Rust, my first embedded language (1/5)

Rust, my first embedded language (1/5)
First-up is Henk Dieter, backend developer at Tweede golf. He has been interested in Rust for quite some time. Actually, it’s how Henk Dieter found out about Tweede golf, as it was one of the first companies in the Netherlands to adopt Rust as their weapon of choice.

This is part 1 of 5 of our series "Why we love Rust". Check out the complete series here

Can you tell us about your introduction to Rust?
As my first project, I followed the Discovery book, an introduction to embedded software development in Rust. I was especially charmed by the ease of setting it all up. It felt like a kind of professional Arduino environment. After that, I worked on LZJD-rs, a Rust implementation of the Lempel-Ziv Jaccard Distance algorithm, where I’ve gotten to know Rust’s profiling tools.

What’s your personal reason for using Rust?
Coming from Web development, Rust was excellent as a first Systems programming language. It helps you prevent commonly made mistakes in systems programming at compile time. When developing Rust, the compiler gives you a lot of confidence that your code will run without obscure errors.

Henk Dieter's takeaway
The compiler is a firm but fair teacher. Oftentimes, when it compiles, it’ll work. That's pretty amazing when you think about it.

Are you working on Rust projects at Tweede golf right now?
I’m participating in a research project where we’re developing an easily extendable hardware platform that supports long-range, low power communication. We are writing its firmware in Rust. Currently, my objective is to write a LoRa modem driver, that is generic enough to be compiled for multiple CPUs.

Can you tell us what really convinced you about Rust?
Great tools like Cargo, the enthusiastic and helpful community, clear compiler errors, and async-await are examples of things that Rust just does right. This enables you to stay focused on the actual problem you are trying to solve.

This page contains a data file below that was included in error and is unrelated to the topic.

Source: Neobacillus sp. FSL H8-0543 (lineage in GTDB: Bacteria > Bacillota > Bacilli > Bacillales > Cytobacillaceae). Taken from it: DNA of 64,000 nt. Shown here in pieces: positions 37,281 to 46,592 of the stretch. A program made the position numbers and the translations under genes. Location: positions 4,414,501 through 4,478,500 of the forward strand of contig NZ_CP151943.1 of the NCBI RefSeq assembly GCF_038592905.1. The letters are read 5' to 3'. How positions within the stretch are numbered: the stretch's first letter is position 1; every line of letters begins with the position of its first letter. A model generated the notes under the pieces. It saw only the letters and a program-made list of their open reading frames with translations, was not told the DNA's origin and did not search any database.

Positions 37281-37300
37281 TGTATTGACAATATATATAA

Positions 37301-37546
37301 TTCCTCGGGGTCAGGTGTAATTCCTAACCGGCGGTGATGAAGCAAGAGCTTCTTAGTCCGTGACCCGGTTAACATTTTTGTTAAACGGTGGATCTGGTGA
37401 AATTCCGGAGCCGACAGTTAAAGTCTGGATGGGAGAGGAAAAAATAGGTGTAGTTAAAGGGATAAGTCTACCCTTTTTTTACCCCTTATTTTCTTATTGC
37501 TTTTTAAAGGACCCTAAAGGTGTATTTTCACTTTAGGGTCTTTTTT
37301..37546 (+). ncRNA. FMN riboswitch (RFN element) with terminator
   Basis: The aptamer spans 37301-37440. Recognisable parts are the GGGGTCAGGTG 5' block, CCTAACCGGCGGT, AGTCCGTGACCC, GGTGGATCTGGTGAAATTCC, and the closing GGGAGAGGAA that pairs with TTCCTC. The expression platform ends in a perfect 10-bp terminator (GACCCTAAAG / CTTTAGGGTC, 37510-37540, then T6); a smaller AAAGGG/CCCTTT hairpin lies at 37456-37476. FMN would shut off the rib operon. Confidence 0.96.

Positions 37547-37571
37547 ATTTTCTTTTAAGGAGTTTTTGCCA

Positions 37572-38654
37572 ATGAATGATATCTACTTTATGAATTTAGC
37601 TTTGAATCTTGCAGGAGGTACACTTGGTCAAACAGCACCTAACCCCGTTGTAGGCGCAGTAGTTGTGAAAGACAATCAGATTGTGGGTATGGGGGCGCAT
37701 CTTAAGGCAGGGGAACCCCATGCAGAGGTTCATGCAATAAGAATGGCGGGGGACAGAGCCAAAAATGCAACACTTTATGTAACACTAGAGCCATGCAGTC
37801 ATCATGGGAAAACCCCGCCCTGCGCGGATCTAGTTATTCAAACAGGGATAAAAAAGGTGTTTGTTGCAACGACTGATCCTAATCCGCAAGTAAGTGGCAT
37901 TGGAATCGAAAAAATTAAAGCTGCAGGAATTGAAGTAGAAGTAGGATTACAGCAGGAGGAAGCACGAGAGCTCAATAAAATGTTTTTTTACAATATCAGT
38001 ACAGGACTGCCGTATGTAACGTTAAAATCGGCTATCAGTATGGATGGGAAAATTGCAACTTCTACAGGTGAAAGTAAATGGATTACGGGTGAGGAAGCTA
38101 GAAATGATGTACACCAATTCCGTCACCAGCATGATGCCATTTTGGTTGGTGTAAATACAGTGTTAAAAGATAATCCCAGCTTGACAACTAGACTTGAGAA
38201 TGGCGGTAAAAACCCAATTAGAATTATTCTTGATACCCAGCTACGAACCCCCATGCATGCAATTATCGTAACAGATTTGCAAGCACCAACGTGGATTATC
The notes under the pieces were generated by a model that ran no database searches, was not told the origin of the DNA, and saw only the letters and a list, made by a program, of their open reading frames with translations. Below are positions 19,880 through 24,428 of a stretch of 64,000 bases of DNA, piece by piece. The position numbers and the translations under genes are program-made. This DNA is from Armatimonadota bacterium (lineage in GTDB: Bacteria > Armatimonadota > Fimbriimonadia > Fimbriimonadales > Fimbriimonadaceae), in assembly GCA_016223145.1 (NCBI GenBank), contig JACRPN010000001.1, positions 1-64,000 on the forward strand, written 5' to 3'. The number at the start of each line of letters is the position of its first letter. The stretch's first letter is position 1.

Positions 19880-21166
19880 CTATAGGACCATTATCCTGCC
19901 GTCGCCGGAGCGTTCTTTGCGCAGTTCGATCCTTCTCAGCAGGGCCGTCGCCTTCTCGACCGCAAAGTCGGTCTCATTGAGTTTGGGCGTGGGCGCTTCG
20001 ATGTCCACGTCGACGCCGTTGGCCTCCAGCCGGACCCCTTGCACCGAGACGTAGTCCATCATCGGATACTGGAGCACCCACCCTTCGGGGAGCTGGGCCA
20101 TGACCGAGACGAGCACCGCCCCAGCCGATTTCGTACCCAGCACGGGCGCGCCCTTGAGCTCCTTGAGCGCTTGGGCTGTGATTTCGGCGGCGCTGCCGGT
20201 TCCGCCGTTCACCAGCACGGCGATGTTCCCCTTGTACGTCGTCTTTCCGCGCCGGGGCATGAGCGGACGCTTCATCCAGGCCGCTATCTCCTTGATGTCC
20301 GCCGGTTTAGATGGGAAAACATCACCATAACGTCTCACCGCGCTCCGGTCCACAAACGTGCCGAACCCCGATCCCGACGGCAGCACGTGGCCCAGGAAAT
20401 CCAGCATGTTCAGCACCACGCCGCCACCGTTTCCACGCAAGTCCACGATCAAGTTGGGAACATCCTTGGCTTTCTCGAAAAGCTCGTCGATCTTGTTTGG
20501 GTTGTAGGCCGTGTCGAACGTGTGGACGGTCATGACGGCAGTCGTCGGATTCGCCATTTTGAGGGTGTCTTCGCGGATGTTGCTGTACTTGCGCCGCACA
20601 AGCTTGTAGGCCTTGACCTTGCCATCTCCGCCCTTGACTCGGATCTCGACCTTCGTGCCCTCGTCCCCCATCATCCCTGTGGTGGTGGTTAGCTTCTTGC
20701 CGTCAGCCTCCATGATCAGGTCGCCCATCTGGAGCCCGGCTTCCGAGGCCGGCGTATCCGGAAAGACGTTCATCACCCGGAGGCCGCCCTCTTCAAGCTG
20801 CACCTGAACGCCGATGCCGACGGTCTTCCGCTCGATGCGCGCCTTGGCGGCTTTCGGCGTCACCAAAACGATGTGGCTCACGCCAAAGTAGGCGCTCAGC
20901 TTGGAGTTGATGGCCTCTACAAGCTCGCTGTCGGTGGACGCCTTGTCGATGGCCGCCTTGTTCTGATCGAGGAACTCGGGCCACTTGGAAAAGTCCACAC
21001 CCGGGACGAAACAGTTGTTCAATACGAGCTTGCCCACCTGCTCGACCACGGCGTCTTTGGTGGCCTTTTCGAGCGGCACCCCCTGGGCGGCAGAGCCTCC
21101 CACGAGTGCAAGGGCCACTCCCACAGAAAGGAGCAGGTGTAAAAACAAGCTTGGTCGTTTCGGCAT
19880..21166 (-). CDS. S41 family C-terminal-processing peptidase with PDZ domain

Henk Dieter's takeaway
You often hear about ‘fighting the borrow checker’ as one of the harder things about Rust, but in the end, it helps you prevent those mistakes and the knowledge gained by ‘fighting the borrow checker’ is directly transferable to other programming languages.

Where will Rust be in 5 years?
Rust will take a much more prominent position in the software development landscape. I think a lot of companies will recognize the advantages of Rust over other languages. Perhaps that will mean Rust will lose it’s ‘Most loved language’ title as more and more people will begin to use it in a professional environment, instead of personal projects. With a higher percentage of imposed use (i.e. companies forcing developers to use it), Rust might become "dreadful" for some. But probably that’ll be a good thing as it means the language reaches maturity!

More by Henk Dieter
In a blog post, Henk Dieter explained the benefits of Rust's type system, which are extremely powerful in an embedded context: Why Rust is a great fit for embedded software

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At Tweede golf we're big fans of creating applications on embedded devices with Rust and we've written a lot about it.

But if you're a hardware vendor (be it chips or full devices/systems), should you give your users Rust support in addition to your C support?

In this blog I argue that the answer to the question is yes.

A while ago, in 2020, I wrote a blog post similar to this one. Sure, it has a bit of a clickbait-y title, but it couldn't be more accurate. At the time I was full of amazement about the way Rust tackles embedded software development. I forsaw great things for Rust's future, even though Rust and its ecosystem were yet not quite mature. We're 3 years further down the road right now, which is like 300 Rust years as Rust is progressing fast. About time for an update!
NLR, Royal Netherlands Aerospace Centre, invited embedded lead Dion to explain the benefits of programming in Rust to the company.